Ruins of Jerusalem's King David Hotel
Ruins of Jerusalem's King David Hotel
Bombing of British Army Headquarters by Zionist Terrorist Group
By: Mendelson Hugo
Date: July 22, 1946
Source: Photograph, part of the Israeli government National Photo Collection, item 003410, picture code D21-020, captioned "The Ruins of Jerusalem's King David Hotel, Blown Up by the Etzel, Causing the Death of 91 People."
About the Photographer: Mendelson Hugo was an Israeli photographer who took pictures for the Israeli government on state occasions in the 1940s.
In the Balfour Declaration of 1917, Great Britain, which had occupied Palestine during World War I, pledged to support the creation of a secure Jewish homeland in Palestine. In the decades that followed, when Britain administered Palestine as a British mandate, tensions developed between Zionists—people who wanted to establish the Jewish state—and the British. At issue were Zionist perceptions of inconsistency and double-dealing by the British, who professed ongoing support for formation of a Jewish state while instituting policies that were perceived as pro-Arab. The last straw for Zionists was the 1939 White Paper that sharply limited Jewish immigration to and settlement in Palestine for five years, at the very time when many European Jews were attempting to flee Nazi oppression.
In response, Zionist insurgents launched a campaign of terror against the British in 1939, including bombings, kidnappings, and murders. This campaign was carried out by the Haganah, the Jewish defense force that had operated in Palestine since World War I (1914–1918) and the predecessor of today's Israel Defense Forces. With the outbreak of World War II (1939–1945), the Haganah saw Adolf Hitler as a greater enemy than the British, so it suspended hostilities and vowed to remain loyal to the British until the Nazis were defeated.
A more radical splinter group of the Haganah called the Irgun honored the truce, but within the Irgun was a yet more radical splinter group, the Etzel, which continued the campaign of terror during the war. When the war ended in 1945, these groups united in common cause against the British, and the level of violence intensified. The goal of all three groups was to drive the British out of Palestine so that Zionists could establish an independent Jewish state with unfettered immigration.
Among the acts of violence was the "Night of the Trains" on November 1, 1945, when terrorist units blew up railroad tracks and stations throughout the country. On December 27, they attacked British Intelligence offices. On February 25, 1946, they struck British air bases on the "Night of the Airfields." On March 6, terrorists disguised as British soldiers attacked an army base, and on April 2, they launched further attacks against the railway system. On June 17, the "Night of the Bridges," terrorists bombed 11 bridges linking Palestine with neighboring countries. In response to these and other attacks, British forces launched severe reprisals, seizing arms and arresting Zionist leaders; much of this activity took place on what became known as "Black Sabbath," June 29, 1946.
In response to the Black Sabbath, the leaders of Irgun decided to bomb the British Army headquarters in Jerusalem's King David Hotel. Leading the assault was Menachem Begin, who in 1977 would become Israel's prime minister. On the morning of July 22, 1946, terrorists assembled and received their weapons. Disguised as Arabs, they carried seven milk churns into the basement of the hotel, each holding 110 pounds (50 kg) of explosives. Thirty minutes later the explosives detonated, destroying the entire southern wing of the hotel and killing 91 persons (28 Britons, 41 Arabs, 17 Jews, and 5 others). The damage is shown in the official government photo.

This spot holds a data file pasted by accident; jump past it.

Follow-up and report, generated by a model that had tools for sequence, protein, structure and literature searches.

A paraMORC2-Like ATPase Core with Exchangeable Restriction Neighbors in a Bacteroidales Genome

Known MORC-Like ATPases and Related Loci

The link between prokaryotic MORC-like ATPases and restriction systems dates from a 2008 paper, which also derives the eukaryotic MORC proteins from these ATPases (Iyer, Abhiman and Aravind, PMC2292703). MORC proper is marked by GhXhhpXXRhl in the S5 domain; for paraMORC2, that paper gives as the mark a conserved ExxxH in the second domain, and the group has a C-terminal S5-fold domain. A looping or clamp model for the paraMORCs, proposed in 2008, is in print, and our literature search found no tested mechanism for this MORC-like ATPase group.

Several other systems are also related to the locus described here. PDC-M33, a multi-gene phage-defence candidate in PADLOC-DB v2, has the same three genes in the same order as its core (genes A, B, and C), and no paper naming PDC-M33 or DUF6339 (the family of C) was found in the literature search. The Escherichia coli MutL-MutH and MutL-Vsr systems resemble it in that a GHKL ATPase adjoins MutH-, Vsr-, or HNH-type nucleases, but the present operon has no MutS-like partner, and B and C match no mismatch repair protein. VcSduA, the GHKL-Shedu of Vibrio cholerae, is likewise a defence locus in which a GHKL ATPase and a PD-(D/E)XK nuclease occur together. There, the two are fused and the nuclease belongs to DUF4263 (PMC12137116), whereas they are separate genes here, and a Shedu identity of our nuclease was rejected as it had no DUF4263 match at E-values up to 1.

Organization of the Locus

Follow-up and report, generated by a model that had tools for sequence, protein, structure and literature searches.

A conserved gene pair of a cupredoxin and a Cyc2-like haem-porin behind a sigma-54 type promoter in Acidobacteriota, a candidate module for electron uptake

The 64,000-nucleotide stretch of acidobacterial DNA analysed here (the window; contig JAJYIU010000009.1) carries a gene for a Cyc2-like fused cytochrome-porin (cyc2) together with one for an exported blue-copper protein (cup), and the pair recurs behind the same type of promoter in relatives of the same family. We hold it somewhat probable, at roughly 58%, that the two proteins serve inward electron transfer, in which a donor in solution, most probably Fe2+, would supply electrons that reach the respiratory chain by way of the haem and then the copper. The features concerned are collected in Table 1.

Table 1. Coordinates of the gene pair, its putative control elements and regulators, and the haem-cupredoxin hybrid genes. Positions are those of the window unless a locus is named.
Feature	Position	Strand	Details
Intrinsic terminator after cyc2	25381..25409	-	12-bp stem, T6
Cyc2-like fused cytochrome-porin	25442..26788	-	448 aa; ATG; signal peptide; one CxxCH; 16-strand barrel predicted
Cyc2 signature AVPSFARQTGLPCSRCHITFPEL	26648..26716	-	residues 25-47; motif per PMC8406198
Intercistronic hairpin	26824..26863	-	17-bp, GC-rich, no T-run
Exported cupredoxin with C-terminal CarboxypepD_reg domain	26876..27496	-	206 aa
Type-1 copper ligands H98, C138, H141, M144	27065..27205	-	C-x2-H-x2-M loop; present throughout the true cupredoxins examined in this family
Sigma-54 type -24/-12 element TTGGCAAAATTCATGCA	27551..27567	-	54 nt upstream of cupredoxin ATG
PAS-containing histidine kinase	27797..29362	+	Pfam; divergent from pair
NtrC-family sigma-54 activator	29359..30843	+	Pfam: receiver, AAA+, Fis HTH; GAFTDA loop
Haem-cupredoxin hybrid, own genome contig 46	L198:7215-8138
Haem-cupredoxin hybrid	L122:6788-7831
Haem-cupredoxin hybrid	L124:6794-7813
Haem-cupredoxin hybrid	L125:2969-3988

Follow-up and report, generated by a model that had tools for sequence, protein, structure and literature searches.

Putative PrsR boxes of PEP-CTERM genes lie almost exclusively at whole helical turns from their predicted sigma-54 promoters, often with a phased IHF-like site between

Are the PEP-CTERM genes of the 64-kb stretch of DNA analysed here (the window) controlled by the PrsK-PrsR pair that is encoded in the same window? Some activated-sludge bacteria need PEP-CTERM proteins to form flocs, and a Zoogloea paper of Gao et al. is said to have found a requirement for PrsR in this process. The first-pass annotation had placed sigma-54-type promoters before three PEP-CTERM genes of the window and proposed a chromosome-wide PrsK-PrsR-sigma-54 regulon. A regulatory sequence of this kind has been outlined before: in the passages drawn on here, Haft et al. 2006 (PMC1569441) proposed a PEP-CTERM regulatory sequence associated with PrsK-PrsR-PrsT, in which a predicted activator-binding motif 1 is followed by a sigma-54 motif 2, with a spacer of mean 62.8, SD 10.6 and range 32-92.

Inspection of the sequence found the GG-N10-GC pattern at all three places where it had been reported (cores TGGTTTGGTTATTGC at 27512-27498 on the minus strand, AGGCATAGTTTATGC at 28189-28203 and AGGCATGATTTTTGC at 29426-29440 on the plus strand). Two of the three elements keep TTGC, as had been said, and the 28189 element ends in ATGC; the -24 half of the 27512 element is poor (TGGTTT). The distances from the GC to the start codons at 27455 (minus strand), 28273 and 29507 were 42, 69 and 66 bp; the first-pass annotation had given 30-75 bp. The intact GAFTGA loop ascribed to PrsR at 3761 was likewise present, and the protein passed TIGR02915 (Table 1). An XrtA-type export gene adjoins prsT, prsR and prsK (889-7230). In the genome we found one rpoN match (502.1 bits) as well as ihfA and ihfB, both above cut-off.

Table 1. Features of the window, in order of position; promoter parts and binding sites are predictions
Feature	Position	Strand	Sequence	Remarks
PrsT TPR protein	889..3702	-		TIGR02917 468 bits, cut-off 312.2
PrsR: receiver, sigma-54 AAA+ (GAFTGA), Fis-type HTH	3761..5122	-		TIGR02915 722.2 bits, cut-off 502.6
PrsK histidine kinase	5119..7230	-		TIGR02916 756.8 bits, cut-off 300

RUINS OF JERUSALEM'S KING DAVID HOTEL
See primary source image.
As the terrorists exited the hotel before the explosives detonated, they instructed two women accompanying them to carry out their piece of the mission. At a nearby telephone booth the women called the King David Hotel operator and the Jerusalem Post and gave them this message: "I am speaking on behalf of the Hebrew underground. We have placed an explosive device in the hotel. Evacuate it at once—you have been warned." British Army personnel in the hotel did not take the warning seriously and many remained at their desks, accounting for the high number of casualties.
The leaders of the Jewish Agency, the successor organization to the World Zionist Organization, expressed shock at the bombing and denounced it, as did the Hebrew press and the British public. Moderates within the Haganah were beginning to recoil from the violence and on August 5, 1946, ordered it to stop. After that, the Haganah focused its efforts on smuggling illegal Jewish immigrants into Palestine and, to appease its more radical members, occasionally sabotaging British ships used to deport those immigrants. The Irgun, however, continued its campaign of separatist terrorism. On October 30, 1946, it bombed the Jerusalem Railway Station; on March 1, 1947, it bombed the Jerusalem Officers Club; and on May 4, it launched an assault on a prison in Acre where Jewish prisoners were held.
On November 29, 1947, the United Nations partitioned Palestine into the state of Israel and a Palestinian-Arab state. British administration of its mandate in Palestine ended in 1948.
Shepherd, Naomi. Ploughing Sand: British Rule in Palestine, 1917–1948. Piscataway, NJ: Rutgers University Press, 1999.
Lapidot, Yahuda. "The Irgun Site." <http://www.etzel.org.il/english/index.html> (accessed May 16, 2005).